- We need an agile system. There are always uncertainties and disruptions. The vaccine doses received may be more or less than expected, due to manufacturing yields and transportation/storage conditions. There may not be enough ancillary supply to administer vaccine. There can be no-shows to appointments, or leftover doses from opened boxes that need to be used before they spoil. Again, to prepare for the uncertainties, the principle would be to eliminate the chance of anything but vaccine supply holding up the process. That means we should overstock the ancillary supply when possible. And we need to overbook people for appointments and alert them to the possibility of being bumped, as airline companies always do in selling tickets.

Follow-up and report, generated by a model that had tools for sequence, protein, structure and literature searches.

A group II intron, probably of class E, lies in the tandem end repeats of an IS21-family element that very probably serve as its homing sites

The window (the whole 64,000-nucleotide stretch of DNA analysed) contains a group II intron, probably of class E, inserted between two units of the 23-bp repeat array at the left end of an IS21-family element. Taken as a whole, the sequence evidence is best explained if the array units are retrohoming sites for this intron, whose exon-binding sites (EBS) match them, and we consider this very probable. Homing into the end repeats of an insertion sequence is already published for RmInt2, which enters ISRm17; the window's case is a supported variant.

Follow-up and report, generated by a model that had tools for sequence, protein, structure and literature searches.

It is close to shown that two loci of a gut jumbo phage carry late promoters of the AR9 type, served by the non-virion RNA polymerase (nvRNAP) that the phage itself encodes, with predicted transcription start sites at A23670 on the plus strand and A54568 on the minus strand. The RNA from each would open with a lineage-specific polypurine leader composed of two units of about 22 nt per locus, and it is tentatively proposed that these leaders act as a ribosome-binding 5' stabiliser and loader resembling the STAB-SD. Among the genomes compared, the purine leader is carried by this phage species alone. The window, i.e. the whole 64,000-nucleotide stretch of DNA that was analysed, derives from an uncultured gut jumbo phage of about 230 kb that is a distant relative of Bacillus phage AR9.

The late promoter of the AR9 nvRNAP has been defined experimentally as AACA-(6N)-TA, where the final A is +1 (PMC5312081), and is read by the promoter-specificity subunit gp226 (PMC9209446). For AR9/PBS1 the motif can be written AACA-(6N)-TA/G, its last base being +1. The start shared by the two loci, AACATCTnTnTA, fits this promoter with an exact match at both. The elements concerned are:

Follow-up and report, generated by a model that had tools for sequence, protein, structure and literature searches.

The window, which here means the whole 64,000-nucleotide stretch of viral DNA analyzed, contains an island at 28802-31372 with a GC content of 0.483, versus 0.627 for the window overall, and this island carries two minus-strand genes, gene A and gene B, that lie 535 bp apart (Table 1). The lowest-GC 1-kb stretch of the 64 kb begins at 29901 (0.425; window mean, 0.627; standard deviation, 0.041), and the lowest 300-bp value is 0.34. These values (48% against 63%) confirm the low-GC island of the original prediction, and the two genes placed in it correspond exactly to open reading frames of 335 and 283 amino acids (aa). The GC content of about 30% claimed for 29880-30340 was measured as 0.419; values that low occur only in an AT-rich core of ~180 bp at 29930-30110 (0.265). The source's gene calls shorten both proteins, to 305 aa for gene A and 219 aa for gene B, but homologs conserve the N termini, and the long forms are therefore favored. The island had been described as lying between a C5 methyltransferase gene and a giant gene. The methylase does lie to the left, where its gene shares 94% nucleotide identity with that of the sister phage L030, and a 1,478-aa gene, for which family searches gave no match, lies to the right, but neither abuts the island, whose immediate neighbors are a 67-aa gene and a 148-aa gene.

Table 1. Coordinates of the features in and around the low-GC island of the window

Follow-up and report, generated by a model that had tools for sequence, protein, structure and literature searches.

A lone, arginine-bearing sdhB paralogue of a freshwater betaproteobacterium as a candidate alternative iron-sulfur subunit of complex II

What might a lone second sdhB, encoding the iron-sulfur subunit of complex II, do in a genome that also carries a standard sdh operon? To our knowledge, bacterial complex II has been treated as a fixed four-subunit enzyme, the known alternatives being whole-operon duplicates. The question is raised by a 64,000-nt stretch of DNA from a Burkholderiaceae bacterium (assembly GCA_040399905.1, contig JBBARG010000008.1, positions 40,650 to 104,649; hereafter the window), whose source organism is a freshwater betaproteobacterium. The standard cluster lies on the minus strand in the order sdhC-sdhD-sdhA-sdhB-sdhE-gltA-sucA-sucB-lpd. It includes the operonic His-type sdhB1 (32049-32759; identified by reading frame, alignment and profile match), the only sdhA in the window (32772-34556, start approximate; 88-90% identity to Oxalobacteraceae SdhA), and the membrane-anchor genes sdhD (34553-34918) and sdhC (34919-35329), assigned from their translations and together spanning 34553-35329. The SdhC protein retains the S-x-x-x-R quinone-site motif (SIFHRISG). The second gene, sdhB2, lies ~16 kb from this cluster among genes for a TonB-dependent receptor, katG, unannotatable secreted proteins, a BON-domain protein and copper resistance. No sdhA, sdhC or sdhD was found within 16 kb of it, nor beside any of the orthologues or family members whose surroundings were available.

By building an efficient supply chain system for COVID-19 vaccine distribution, we can drastically shorten the time from factories to frontlines to arms, winning this race against the virus.
Li is a full professor and head of the Operations and Information Management department in the School of Business. Her research explores operations and supply chain management. She earned her Ph.D. in management of manufacturing and automation from Carnegie Mellon University and has been a faculty member at UConn since 2005.